If you’ve received an American Greeting card within the past few years, odds are good that Larry touched it. And after having met him, I think that makes it even more special.
The company’s major greeting card brands are American Greetings, Carlton Cards, Gibson, Recycled Paper Greetings, and Papyrus. Look for these brands the next time you buy a card and remember there’s a great chance it was manufactured and/or shipped from Osceola, Arkansas. How cool is that?
Thanks to everyone who made my tour so much fun! Even without a single piece of chocolate.
Grace Grits and Gardening
Farm. Food. Garden. Life.
[tweetthis]Tour @amgreetings #Osceola with me and yes, we need a #GracieLee #greetingcard. [/tweetthis]
Josh Groban, Pure Imagination
American Greetings Card Folding Machine
Gary D. Henderson says
Even before I looked, I knew what your musical pairing was going to be. Not the Groban version, but I knew which song it would be. 🙂
Talya Tate Boerner says
Either I’m predictable or we are in tune in a Willy Wonka way.
Dorothy Johnson says
I would love to take that tour. I agree Gracie Lee needs a line of cards.
Worked there one summer. Fainted in one of their big bends cause I kept bending over getting stuff out of the bottom. Loaded me on a box mover and took me to nurse’s station. Hilarious. I was fine. Benton worked there when we first got married as an industrial engineer. Good place!! Daddy always worried about covering that fertile ground with concrete!!
Shelly Johnson says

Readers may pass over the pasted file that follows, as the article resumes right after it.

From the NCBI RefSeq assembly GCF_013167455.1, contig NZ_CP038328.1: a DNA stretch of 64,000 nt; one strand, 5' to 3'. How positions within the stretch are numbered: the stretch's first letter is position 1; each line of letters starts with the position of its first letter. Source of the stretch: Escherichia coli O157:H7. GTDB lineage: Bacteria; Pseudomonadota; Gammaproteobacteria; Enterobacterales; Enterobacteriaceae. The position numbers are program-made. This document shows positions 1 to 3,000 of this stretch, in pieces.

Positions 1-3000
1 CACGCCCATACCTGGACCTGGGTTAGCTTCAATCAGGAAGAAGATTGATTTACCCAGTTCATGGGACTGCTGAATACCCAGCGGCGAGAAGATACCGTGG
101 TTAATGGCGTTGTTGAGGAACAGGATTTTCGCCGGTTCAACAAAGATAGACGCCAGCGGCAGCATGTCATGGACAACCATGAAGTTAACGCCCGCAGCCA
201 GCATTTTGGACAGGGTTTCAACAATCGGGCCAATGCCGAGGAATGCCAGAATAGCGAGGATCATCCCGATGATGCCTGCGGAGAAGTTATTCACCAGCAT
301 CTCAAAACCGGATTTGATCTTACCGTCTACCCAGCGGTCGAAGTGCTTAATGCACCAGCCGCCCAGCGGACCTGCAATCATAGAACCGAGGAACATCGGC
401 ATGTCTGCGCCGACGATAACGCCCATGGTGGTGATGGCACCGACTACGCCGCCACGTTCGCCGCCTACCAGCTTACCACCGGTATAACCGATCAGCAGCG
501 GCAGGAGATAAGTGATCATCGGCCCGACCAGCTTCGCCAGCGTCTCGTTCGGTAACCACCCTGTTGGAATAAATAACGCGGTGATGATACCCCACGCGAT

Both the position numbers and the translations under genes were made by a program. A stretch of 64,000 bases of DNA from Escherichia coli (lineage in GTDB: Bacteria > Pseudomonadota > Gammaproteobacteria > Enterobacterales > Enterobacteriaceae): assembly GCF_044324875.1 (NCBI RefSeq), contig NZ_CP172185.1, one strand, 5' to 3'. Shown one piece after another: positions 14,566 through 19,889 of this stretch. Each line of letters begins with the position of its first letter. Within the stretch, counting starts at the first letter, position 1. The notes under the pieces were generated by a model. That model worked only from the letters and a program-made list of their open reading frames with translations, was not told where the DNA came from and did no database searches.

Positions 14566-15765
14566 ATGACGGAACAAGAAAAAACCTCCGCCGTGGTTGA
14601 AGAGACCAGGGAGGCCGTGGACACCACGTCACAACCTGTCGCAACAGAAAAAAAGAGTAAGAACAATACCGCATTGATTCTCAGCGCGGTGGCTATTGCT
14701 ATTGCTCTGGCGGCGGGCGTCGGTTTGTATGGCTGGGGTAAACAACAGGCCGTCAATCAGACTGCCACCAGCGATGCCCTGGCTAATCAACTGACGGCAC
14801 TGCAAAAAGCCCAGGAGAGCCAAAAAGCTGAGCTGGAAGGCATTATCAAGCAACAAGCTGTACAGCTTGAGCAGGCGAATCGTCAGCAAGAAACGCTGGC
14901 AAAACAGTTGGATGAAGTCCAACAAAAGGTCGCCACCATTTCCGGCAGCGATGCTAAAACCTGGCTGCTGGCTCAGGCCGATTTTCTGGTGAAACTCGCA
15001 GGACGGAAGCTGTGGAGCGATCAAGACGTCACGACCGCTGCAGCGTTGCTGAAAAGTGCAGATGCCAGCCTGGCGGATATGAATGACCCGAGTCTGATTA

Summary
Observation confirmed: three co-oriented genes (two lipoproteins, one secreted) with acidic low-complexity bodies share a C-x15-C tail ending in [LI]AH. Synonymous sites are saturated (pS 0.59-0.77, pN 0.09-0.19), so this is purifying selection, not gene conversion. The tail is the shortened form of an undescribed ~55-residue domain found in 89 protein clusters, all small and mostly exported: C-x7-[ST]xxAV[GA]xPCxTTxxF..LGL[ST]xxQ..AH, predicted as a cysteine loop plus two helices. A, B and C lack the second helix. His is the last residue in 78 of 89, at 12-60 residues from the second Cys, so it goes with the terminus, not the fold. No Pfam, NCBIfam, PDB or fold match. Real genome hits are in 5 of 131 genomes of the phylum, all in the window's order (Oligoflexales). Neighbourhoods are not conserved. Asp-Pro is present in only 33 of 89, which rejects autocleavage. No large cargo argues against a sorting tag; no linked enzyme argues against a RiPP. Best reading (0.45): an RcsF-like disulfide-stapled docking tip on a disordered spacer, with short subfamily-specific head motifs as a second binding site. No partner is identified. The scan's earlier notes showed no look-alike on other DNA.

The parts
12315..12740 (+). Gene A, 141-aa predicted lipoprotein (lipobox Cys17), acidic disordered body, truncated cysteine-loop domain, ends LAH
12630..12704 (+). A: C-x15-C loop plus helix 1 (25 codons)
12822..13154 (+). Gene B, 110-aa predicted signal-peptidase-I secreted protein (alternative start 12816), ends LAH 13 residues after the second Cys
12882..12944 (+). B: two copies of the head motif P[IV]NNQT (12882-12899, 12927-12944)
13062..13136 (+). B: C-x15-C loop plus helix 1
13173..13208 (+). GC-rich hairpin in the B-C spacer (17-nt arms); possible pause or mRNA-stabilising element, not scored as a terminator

Really enjoyed ready this blog today.
Dan Fagin says
Talya, are you related to Rex Creecy?
Talya Tate Boerner says
Yes! He was my uncle:))
Art Boudoucies says
Hi Dan, I have often wondered where you ended up. I am still alive and kicking and living in McKinney,TX. Hope all is well with you and yours. The tour of AG was great. Brings back many good memories. Happy Easter!
frances creecy says
Talya I enjoyed your blog on American Greetings it still looks the same. Rex and I left a lot of foot prints there.
Talya Tate Boerner says
Yes, you did. I looked for those footprints while I was there.
Jerry Delancey says
I worked for almost 35 years there. I really enjoyed my jobs, I worked in a lot different areas in the plant. I love my job I had in Maintenance, as a carpenter I learned a lot and meet people that I will always love them. Just wish my health was better, I would still be there. Loved looking at these pictures as they bring back a lot of good memories.
Talya Tate Boerner says
Thank you Jerry! I’m glad you enjoyed it. I certainly enjoyed my visit. Best wishes to you for improved health.